SamTrans Considers Raising Fares, Cutting Service and Eliminating Lines
SamTrans – the buses and paratransit vehicles that run the length of El Camino Real between Palo Alto and Daly City, traverse the Santa Cruz mountains, and service San Francisco’s financial district – is preparing to raise fares and reduce service on some bus lines and eliminate other lines in order to close a $28.4 million budget gap.
SamTrans serves more than 15 million riders annually through its 339 regular buses and its Redi-Wheels and RediCoast (Paratransit) vehicles. Its fixed-route bus system currently consists of 54 routes.
The financial crisis forced SamTrans Deputy CEO Chuck Harvey to present several options to close the gap at a San Mateo County Transit District Board of Directors meeting August 12 and arrive at a preliminary operating budget of $136.5 million for the 2010 fiscal year.
Harvey presented options for achieving 7.5 percent, 10 percent, and 15 percent savings.
"To get to 15 percent savings, it’s wholesale amputation," he said.
To achieve 15 percent savings Harvey proposed: reducing service on up to 22 lines and eliminating 17 lines; increasing adult, youth, and discounted fares by 25 cents or more; and eliminating the 15 percent discount on the SamTrans pass with the purchase of a Muni sticker.
"It is indeed a cruel twist of fate that brings us here today," said Board of Directors Chairwoman Zoe Kersteen-Tucker. "More than ever, we need to reduce our dependence on cars, yet we are facing a significant crushing deficit, and we cannot look to the state to help us out at least for the next four years."
Citizens argued for the retention of affordable fares and the routes they depend on.
Laura Loringer, a disabled bus rider, testified on behalf of herself and other disabled riders, urging SamTrans not to raise fares for the disabled. "Some of us are on fixed incomes," she said.
"What is Schwarzenegger doing to us?" asked William Farrell, another disabled rider. "We need these buses. For the love of God, make the right choices."
The current cost of a discounted monthly pass is $22. The proposed cost is $32.
The transit agency’s budget problem has also been compounded by the loss of
$39.2 million from the State Transit Assistance fund, which was gutted
by Governor Schwarzenegger and the Legislature.
Other members of the public testified on behalf of public school students and community college students who depend on the buses to get their schools or out of concern for the environment.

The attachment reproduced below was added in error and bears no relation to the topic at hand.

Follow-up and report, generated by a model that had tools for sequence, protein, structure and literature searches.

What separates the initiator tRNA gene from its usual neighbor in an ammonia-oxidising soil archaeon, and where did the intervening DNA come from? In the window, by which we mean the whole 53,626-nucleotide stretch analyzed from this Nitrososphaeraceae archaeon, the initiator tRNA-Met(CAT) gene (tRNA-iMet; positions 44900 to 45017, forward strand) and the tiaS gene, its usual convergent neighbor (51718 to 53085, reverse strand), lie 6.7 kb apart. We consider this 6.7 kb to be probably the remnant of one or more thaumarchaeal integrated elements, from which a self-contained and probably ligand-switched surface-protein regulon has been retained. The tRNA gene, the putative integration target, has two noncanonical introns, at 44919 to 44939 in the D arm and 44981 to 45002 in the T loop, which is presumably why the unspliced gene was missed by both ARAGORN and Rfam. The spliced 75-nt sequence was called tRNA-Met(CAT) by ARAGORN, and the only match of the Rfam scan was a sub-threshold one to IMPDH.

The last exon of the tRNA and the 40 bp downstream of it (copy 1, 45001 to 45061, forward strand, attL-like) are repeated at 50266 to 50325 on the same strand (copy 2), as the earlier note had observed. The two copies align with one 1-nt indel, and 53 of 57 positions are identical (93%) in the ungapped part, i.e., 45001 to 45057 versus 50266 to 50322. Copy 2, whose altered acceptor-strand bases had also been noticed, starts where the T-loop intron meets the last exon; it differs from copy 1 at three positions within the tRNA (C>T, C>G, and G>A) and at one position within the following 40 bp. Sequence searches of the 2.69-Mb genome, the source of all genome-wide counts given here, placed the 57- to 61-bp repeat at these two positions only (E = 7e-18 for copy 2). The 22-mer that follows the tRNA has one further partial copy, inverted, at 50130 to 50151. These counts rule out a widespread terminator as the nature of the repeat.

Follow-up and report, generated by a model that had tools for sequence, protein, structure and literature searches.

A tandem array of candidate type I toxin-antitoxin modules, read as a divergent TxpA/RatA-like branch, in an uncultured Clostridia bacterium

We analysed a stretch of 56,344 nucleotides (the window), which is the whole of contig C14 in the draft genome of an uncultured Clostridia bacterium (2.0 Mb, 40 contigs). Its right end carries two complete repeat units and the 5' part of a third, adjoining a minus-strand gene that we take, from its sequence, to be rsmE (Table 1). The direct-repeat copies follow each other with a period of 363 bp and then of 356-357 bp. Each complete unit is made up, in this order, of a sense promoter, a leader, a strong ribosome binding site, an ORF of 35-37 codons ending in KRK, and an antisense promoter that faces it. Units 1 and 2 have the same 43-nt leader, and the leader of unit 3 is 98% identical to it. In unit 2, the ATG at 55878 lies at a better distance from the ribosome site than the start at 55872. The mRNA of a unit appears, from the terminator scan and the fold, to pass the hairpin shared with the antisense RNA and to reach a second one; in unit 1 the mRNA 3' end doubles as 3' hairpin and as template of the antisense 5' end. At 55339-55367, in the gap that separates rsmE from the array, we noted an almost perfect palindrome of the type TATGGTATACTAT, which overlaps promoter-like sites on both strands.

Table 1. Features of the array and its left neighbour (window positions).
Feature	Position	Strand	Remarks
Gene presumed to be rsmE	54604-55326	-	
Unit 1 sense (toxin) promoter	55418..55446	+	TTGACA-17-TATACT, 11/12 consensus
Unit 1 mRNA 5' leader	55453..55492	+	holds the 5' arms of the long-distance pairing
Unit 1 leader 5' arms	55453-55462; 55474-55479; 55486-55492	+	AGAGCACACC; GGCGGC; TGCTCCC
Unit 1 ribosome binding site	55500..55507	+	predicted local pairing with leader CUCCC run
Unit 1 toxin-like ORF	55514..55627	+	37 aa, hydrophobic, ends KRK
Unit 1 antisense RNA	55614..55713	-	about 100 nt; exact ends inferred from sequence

"The express bus service is one of the most effective methods for improving air quality," testified Amir Fanai, a San Mateo County resident. For four years, Fanai has been taking the NX express bus from Redwood Shores to his job with the Bay Area Air Quality Management District in San Francisco, but the NX is now on the chopping block. "By eliminating the NX, many fellow passengers would have to drive," he said.
Fanai has also written to President Barack Obama asking that stimulus money be released for the operational costs of transit agencies.
According to Randy Rentschler, spokesperson for the Metropolitan Transportation Commission, the Bay Area has received a total of about $500 million in transportation stimulus dollars, $340 million of which has gone to transit. According to SamTrans Public Information Officer Christine Dunn, SamTrans received $7.8 million. Three million of that has been set aside for new buses, $4 million for maintenance, and $788,000 for paratransit buses – and none of those monies have been directly put into operations.
Michael Dolder, interim city manager for Half Moon Bay, questioned whether or not the agency had complied with the California Environmental Quality Act and the MTC Regional Transportation Plan 2035. Dolder was particularly concerned about proposals to eliminate the 17 line which runs between Montara State Beach and Santa Cruz, and is one of only two lines to serve the coast side of San Mateo County south of Pacifica.
"After a thorough review," he wrote in a letter to the Board of Directors, "staff has concluded that the document does not provide sufficient factual and scientific data to support the decision to adopt a negative declaration for this project."
However, BART Board Director and Livably City Executive Director Tom Radulovich said CEQA "is a strange document" and "not a very good planning tool if you’re trying to plan for sustainability."
CEQA, he noted, is weak in terms of the evaluation of carbon dioxide emissions, and performance for transit riders, and it permits exemptions for transit agencies that declare fiscal emergencies such as the San Mateo County Transit District and the San Francisco Municipal Transportation Agency (Muni).
The public can submit comments to the SamTrans Board of Directors until September 2 at firstname.lastname@example.org.